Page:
UBC Theses and Dissertations
The impact of cultural orientation on the perceived value of IT mediated customer service in an e-business context Schmidt, Donald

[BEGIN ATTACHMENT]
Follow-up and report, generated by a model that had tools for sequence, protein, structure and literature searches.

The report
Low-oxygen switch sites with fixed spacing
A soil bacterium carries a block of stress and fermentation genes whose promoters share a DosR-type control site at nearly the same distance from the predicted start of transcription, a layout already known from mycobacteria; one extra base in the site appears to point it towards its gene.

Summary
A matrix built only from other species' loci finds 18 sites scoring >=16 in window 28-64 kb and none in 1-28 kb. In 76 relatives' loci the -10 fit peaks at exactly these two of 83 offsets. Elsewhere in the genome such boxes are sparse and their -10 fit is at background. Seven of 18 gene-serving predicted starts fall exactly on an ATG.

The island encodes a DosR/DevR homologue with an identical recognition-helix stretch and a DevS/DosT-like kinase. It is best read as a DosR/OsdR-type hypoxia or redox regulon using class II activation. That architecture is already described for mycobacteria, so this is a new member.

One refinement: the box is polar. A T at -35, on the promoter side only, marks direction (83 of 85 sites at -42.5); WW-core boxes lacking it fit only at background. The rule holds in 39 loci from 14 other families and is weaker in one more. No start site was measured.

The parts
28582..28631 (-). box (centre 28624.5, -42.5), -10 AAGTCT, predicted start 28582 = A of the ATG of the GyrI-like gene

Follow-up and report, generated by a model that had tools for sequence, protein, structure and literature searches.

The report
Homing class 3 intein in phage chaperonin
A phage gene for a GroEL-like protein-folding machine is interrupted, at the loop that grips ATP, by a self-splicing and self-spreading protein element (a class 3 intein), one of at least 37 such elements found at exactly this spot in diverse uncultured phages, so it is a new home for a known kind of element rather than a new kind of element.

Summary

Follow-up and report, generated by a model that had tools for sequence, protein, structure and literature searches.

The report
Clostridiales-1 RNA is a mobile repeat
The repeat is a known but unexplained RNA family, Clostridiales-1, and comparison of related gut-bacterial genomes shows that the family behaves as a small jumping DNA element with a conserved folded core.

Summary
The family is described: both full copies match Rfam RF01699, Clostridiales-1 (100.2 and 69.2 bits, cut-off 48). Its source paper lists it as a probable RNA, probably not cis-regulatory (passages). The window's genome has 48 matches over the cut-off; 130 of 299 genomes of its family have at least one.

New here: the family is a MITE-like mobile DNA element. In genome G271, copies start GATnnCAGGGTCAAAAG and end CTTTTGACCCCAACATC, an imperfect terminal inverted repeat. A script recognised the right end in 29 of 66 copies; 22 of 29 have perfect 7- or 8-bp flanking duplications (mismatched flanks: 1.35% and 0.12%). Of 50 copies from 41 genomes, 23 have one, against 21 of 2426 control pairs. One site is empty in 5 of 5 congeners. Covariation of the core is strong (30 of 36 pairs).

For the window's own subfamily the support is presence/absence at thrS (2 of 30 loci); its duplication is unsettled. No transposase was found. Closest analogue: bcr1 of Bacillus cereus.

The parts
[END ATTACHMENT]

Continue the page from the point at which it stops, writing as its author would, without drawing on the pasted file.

Electronic commerce (e-commerce) has not only opened up new and lucrative markets globally, it has generated novel business models and a new birthplace for innovation in customer service. Historically customers have been won or lost at times based not on products themselves but rather on the perceived value of ancillary services that are provided before, during, and after the actual product purchase. Because, in the case of E-commerce, these services are provided without direct human intervention, e-commerce websites designers have a unique opportunity to contribute to the success of their organization by providing services (usually information related), that automate the functions for attending to potential customers' needs during the E-commerce purchase process, like providing product information or handling a credit card transaction. Cenfetelli, Benbasat, & AI-Natour (2005) have called these functions 'Information Technology Mediated Customer Services or ITMCS. Because the literature supports the position that providing services has a high social component even when conducted via IT, there is reason to expect culture to influence the users' appreciation of the value of these automated services. The current study found some evidence that Internet users distinguish differences in the cultural relevance of the various kinds of website service offerings in a predictable and measurable way. The Internet users reported preferences for functions or features in a pattern that related to their cultural orientation. The conclusion from this research is that further research might capture the kinds of findings that website designers could use to make 'either/or' decisions about which customer service functions to provide in their website to best appeal to the key cultural traits of their target market audiences.
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